> On Aug 18, 2009, at 22:10, David Carson wrote:
> >> On Tue, Aug 18, 2009 at 03:39:39PM -0700, David Carson wrote:
> >>> Why not solve both of these issues by simply adding a new
> >>> command: "svn origin"
> >>> 1. The new command would return URL:revision, and nothing else.
> >>> No parsing of the log output necessary.
> > All I care about right now is that all copies are done in such a
> > way that retrieving the source of the copy is simple and
> > definitive. This seems quite straightforward. The information is
> > available at the time of the copy, but it is too cumbersome to get
> > to it later, IMHO.
> Something like what the attached script does?
> $ svnorigin.sh http://svn.collab.net/repos/svn/tags/1.6.4
> $ svnorigin.sh http://svn.collab.net/repos/svn/branches/1.6.x
Yes, your script attempts to get the information I'm looking for. However, ...
> >>> 2. The new command would always return the real origin of the
> >>> branch, not a copy that might or might not be the original copy.
> I wasn't sure what you meant by this. Did you mean that, in the above
> example, if you use svnorigin on the 1.6.4 tag, it should say it came
> from trunk?
Your script does not work if the branch was renamed. This is the problem Derek raised. The problem is that the --stop-on-copy option causes the log command to stop the first time it sees a copy. The rename command is a delete followed by a copy.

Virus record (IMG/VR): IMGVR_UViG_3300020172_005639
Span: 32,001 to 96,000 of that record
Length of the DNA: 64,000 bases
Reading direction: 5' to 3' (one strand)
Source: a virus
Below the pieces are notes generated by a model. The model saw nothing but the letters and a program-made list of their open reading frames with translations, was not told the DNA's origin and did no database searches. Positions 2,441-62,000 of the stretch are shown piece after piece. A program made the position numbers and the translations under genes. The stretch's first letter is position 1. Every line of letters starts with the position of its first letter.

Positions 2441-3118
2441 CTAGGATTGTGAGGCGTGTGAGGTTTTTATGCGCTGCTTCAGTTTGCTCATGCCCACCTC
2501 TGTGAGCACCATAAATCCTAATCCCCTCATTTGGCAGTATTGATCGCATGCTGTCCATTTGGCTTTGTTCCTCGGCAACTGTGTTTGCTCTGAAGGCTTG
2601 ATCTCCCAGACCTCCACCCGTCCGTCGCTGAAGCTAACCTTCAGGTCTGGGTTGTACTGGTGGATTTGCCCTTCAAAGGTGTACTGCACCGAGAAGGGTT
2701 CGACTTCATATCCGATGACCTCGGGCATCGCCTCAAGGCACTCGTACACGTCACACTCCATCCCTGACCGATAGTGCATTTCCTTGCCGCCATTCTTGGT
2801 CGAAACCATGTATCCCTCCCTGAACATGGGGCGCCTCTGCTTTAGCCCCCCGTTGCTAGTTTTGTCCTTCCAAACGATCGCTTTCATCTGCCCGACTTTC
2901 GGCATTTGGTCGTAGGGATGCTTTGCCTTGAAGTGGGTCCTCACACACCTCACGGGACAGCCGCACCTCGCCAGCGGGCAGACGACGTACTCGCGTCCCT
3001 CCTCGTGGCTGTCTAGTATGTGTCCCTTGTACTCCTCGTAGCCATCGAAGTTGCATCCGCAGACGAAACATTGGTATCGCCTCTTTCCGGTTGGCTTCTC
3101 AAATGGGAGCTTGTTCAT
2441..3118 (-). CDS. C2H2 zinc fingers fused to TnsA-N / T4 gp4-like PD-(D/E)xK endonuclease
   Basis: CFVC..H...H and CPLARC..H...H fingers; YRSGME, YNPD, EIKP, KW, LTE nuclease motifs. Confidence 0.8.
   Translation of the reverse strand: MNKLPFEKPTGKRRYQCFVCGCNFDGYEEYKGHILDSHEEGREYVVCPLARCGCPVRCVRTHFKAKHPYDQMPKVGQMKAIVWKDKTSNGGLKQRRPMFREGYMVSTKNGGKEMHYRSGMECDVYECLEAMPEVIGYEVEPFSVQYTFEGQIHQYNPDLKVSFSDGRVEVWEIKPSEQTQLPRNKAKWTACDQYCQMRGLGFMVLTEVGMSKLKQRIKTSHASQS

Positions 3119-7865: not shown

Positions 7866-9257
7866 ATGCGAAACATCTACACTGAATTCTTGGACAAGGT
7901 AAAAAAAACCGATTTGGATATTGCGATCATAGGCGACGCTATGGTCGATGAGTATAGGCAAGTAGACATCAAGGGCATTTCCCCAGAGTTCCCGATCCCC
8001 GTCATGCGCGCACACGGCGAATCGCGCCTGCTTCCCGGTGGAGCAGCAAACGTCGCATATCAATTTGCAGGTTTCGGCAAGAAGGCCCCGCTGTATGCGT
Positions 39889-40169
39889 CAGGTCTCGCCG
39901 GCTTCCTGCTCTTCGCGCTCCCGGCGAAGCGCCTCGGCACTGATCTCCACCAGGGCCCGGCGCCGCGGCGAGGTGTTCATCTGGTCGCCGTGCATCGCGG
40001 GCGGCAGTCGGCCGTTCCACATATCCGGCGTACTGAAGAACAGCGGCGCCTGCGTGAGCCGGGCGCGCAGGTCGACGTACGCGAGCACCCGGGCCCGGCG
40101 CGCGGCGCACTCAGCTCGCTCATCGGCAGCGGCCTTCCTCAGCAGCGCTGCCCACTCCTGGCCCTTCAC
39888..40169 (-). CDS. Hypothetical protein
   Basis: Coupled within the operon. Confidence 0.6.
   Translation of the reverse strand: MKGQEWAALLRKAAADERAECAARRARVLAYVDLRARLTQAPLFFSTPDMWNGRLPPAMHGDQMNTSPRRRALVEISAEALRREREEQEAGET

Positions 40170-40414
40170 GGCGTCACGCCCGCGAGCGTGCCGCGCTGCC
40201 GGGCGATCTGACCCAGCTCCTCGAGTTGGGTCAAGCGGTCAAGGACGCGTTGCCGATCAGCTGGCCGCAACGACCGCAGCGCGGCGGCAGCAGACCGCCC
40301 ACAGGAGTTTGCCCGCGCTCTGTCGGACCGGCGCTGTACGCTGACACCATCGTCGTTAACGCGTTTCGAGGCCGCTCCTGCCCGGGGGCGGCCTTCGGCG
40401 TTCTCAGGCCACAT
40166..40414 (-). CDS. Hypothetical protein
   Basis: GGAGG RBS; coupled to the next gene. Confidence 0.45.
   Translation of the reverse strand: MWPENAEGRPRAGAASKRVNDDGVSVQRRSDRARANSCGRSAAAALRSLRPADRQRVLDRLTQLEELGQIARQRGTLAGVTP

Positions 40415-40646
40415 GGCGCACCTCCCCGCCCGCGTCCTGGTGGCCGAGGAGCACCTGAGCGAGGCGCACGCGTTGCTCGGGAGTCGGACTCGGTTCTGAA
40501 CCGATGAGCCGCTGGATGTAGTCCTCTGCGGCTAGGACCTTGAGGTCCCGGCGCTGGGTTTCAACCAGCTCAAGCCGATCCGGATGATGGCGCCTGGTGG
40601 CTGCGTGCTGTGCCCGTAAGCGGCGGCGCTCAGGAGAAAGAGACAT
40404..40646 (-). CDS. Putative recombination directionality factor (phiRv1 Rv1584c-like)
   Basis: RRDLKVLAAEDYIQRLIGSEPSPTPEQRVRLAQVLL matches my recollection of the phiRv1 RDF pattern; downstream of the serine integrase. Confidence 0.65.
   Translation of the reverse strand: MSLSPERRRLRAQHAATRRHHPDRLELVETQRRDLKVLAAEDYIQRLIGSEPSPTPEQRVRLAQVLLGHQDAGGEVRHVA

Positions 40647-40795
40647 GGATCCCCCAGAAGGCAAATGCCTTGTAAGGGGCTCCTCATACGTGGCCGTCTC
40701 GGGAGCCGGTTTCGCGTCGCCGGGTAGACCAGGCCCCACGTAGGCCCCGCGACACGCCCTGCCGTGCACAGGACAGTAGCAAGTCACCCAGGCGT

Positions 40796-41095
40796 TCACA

I suppose this begs the question: Is the rename command the real culprit, and should it be made to behave such that it is distinguished from a regular delete/add series?
However, I don't want to go that deep just now. What I'm saying is, the origin information is basic and extremely valuable. So:
1. It seems prone to error if we all write our own scripts to get at it. (I also wrote a script that works slightly differently.) It should be a built-in command, which gives the core code the ability to change how it gets its information, but this is transparent to the end-user.
2. The origin that is most likely sought is the original copy, not the rename. But, I suppose that could be an option to the command. Namely, I want to see: (a) the latest copy (the rename); (b) I want to see the earliest copy (the branch creation); (c) I want to see all the copies; etc.
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Received on 2009-08-20 19:56:32 CEST